Angels of Compassion

October 24, 2012  

Opening hearts and homes to abandoned pit bulls in their final days.

By Micaela Myers, first posted on Aug. 3, 2011

Tera had been at the shelter for two months. An older pit bull with skin cancer and two blown knees, her adoption chances were as low as can be. Knee surgery would cost at least $8,000, and the skin cancer wasn’t going to get better, either. Plus, she was now suffering from kennel stress.

So Tera went to live with Nicole Edwards, a veterinary nurse who welcomes dogs like Tera into her home for what’s known as compassion fostering.

Most foster parents bring a dog into their home knowing that the dog is on his way to a happy ending: a forever home. Compassion fosters have a very different end game: to shower that dog in love until he or she is euthanized. For a dog who is frightened and alone, compassion fosters open their homes and hearts so that dog can leave this world enveloped in love.

Even Chance

Edwards is the president of Even Chance: Pit Bull Advocacy, Resources and Rescue, based in San Diego. In addition to a regular foster and adoption program, her group offers compassion fostering.

“If there weren’t such a surplus of pit bulls,” she says, “maybe people would be into adopting a 10-year-old dog who’s a little gray and a little bit slower, or a dog that has a weird gimp because it was hit by a car and nobody helped. We’re just trying to alleviate the stress on the shelter system because [euthanasia is] all they do, and it’s really sad.”

Tera stayed with Edwards for eight months. “I loved this dog so much,” she recalls. “We took her skin cancer off. We let her live like a normal dog as long as we could, but her skin cancer came back, and her knees became a bigger problem. So she had an awesome eight months. She hung out with my dogs. She slept in my bed. She was like the mama dog of the house, which was very cool. Her favorite toy was a football, and it’s my favorite sport. I have two big baskets of toys. She would always pick the football out and literally throw it around the yard, squeak it a little bit, throw it around the yard some more.”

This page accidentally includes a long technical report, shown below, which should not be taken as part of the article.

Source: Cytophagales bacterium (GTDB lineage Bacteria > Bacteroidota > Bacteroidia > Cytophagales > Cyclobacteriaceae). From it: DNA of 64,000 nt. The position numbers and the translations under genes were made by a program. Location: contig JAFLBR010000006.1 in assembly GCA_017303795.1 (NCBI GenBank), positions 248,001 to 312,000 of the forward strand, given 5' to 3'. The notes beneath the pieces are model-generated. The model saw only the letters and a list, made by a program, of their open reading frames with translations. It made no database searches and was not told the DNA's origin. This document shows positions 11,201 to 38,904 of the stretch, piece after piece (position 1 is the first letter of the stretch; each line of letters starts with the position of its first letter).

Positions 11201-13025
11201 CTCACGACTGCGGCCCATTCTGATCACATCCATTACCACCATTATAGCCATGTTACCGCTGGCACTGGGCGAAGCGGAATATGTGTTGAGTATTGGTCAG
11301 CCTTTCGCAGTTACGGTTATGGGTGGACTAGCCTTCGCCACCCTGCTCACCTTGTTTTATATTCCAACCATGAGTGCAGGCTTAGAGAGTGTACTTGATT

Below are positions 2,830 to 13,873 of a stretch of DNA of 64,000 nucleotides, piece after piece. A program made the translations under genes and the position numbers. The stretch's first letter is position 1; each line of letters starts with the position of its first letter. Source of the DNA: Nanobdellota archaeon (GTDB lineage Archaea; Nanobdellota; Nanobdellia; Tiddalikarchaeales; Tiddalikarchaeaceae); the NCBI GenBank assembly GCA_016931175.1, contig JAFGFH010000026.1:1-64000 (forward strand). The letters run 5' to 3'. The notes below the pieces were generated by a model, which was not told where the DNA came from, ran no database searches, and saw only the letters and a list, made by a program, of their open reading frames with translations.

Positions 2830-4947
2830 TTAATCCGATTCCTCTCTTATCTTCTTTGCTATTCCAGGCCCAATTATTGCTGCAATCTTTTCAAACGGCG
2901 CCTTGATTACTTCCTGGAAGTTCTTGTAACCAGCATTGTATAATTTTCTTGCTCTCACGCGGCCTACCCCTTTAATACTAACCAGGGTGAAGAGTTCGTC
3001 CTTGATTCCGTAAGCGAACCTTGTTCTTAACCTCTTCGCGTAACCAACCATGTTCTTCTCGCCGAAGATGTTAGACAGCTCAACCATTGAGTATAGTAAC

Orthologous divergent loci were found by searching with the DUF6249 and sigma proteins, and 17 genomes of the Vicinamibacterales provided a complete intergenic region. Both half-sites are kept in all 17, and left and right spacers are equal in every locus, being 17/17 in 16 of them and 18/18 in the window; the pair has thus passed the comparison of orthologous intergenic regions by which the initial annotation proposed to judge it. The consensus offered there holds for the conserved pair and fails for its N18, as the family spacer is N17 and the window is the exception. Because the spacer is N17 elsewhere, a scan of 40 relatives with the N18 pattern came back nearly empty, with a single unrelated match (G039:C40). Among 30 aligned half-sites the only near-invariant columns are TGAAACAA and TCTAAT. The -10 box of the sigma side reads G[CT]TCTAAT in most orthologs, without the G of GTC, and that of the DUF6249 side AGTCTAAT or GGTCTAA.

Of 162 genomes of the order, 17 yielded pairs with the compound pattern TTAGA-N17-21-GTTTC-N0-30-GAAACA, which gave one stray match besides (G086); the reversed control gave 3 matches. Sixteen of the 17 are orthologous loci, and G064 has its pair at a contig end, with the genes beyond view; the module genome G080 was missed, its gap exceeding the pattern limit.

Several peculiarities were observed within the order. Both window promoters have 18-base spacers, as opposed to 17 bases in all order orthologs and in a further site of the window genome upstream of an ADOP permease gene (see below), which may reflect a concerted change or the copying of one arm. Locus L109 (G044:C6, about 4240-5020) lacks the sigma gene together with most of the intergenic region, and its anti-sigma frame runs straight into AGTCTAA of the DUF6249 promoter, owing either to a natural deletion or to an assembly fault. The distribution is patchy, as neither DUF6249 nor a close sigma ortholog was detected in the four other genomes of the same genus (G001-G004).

How compassion fostering works

Approximately 5 million animals are killed in shelters each year. Up to one in three are pit bull types (or labeled as such). Many shelters won’t even put pit bulls up for adoption. For those shelters that do, placing even healthy young pitties can be difficult given the misconceptions, stereotypes and breed restrictions.

In a better world, every dog would find a good new home, but until then Edwards and other dedicated volunteers make sure that no pittie in a San Diego County shelter has to die afraid or alone. The dogs Even Chance accepts into their compassion foster program have medical problems or behavior issues due to past neglect or abuse.

“The dogs pretty much get spoiled as long as we can,” Edwards explains. “That can be anywhere from a week to several months, depending on the case and what we can provide them.”

If there is no room in the compassion foster program, Edwards or one of her team members will spend a day with the shelter dog.

“I’ll take them to Fiesta Island [dog beach] on a long line. They can run around for as long as they want. They can get all dirty, have fun and play on the beach. We go back to the shelter to the outside area that’s set up [for their euthanasia]. We have a rotisserie chicken. They know me by then. They get to sit and eat an awesome meal.”

Focusing on the love

For most of us, the very thought of bonding with a dog we can’t save is too much to handle. Edwards focuses on the love she is able to give these dogs in their final days.

“I try and do everything I can, taking them on lots of walks or letting them smell all the things they didn’t get to smell at the shelter, giving them treats, letting them see the beach and the mountains.”

“I think the way that I’m able to deal with it is that we know this is the end for these dogs, and I feel fortunate enough to make it easier on them,” she says. “That’s my way of coping with it – knowing that they’ll have a full belly before they go, and that they’ll be happy and be with people that they already know and feel comfortable with.”

Edwards has personally welcomed nine compassion fosters into her home in the last few years. Loving seniors like Tera, who were cast off by their owners, are some of the hardest compassion cases for her to deal with emotionally.

“There’s definitely a grieving process after, especially when they’ve lived with you for almost a year. It’s almost your own dog,” she explains, adding that her fellow rescue volunteers are the best therapy during the grieving process. She calls them to reminisce about the dog and also vent about the previous owners who abandoned their pet. “I’m a big talker, so I talk it out,” she says.

Fellow compassion foster Jessica Stone says that showering the dog with love and positive experiences during the time he or she is with her helps during the grieving process after.

“I feel like during the time I have the dog I try and do absolutely everything I can,” she says, “taking them on lots of walks or letting them smell all the things they didn’t get to smell at the shelter or maybe in their previous life, giving them treats, letting them see the beach and the mountains.”

Edwards agrees. “It’s like going to grandma’s house for the weekend. They get to be on the bed. They get to be on the couch. They get to eat food they probably wouldn’t get.”

Eight-month-old Cooper was the second dog Edwards took in as a compassion foster. “He was found on the side of the freeway. He had his ears cut down to his skull. He also had two broken elbows that the vet thought had been that way maybe two months if not longer. He was not a surgical candidate to have them fixed, given the damage.”